Ultracold atoms in optical lattices have recently been all the rage for their fundamental and technological promise. The ability to tune interactions, dimensionality, spin, statistics, and a host of other variables in a completely disorder-free environment opens the possibility for these systems to be used as emulators of model Hamiltonians that describe complex materials. However, measuring their temperature remains a practical challenge as few promising schemes are known. A suitable measurable property is needed such that its magnitude is in a one-to-one correspondence with the temperature of the system.
Writing in Physical Review A, Jean-Sébastien Bernier and collaborators from France and Argentina have demonstrated how to make use of a rather unusual thermometric property—the Raman transition rate for a fermionic gas. For a wide range of well-specified conditions, the Raman signal depends on temperature only via the Fermi distribution function. To implement the method, one simply measures the Raman spectrum of the gas.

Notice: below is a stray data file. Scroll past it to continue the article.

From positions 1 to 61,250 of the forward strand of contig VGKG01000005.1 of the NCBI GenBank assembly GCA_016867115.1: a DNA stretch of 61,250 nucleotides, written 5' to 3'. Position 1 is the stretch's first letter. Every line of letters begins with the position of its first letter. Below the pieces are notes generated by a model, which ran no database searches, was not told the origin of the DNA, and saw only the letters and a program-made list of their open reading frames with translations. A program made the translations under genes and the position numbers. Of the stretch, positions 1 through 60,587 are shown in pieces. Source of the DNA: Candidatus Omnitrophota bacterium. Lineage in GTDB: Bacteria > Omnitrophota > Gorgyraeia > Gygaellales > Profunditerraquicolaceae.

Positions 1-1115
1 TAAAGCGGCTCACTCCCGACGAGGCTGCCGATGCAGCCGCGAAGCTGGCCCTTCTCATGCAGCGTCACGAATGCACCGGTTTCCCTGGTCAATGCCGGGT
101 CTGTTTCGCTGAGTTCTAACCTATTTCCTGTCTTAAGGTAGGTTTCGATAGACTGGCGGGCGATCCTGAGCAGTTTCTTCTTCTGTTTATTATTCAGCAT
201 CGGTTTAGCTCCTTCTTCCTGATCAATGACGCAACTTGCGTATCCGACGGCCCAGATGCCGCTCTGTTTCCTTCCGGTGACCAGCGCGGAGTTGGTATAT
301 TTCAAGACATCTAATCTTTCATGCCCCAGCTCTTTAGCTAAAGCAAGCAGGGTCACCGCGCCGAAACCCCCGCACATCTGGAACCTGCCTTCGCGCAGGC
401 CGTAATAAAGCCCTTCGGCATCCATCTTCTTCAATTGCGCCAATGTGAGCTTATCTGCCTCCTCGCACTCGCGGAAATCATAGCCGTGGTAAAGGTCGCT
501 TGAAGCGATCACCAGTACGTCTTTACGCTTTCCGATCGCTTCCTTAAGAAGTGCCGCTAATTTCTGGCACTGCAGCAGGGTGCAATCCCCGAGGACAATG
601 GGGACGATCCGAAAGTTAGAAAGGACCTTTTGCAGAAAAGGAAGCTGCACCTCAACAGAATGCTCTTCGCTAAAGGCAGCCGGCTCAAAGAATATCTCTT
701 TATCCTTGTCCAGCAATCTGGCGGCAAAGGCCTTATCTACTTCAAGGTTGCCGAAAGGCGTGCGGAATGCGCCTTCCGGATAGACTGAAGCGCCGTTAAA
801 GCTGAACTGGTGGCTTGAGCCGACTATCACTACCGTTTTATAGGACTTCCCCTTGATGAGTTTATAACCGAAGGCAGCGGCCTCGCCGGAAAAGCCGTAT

Bernier et al. go beyond the thermometric aspect and predict distinct features in the respective Raman spectra, fingerprints as it were, of various regimes of correlation (weak correlations, strongly correlated Fermi liquid, and a Mott insulating phase). The predicted signatures, such as the emergence of broad Hubbard bands in the incompressible Mott regime, would survive at ultralow temperatures and provide for diagnostics of the degree of correlation in and fermionic gases in optical lattices. Naturally, this would also serve to map out the phase diagram of ultracold correlated systems. – Yonko Millev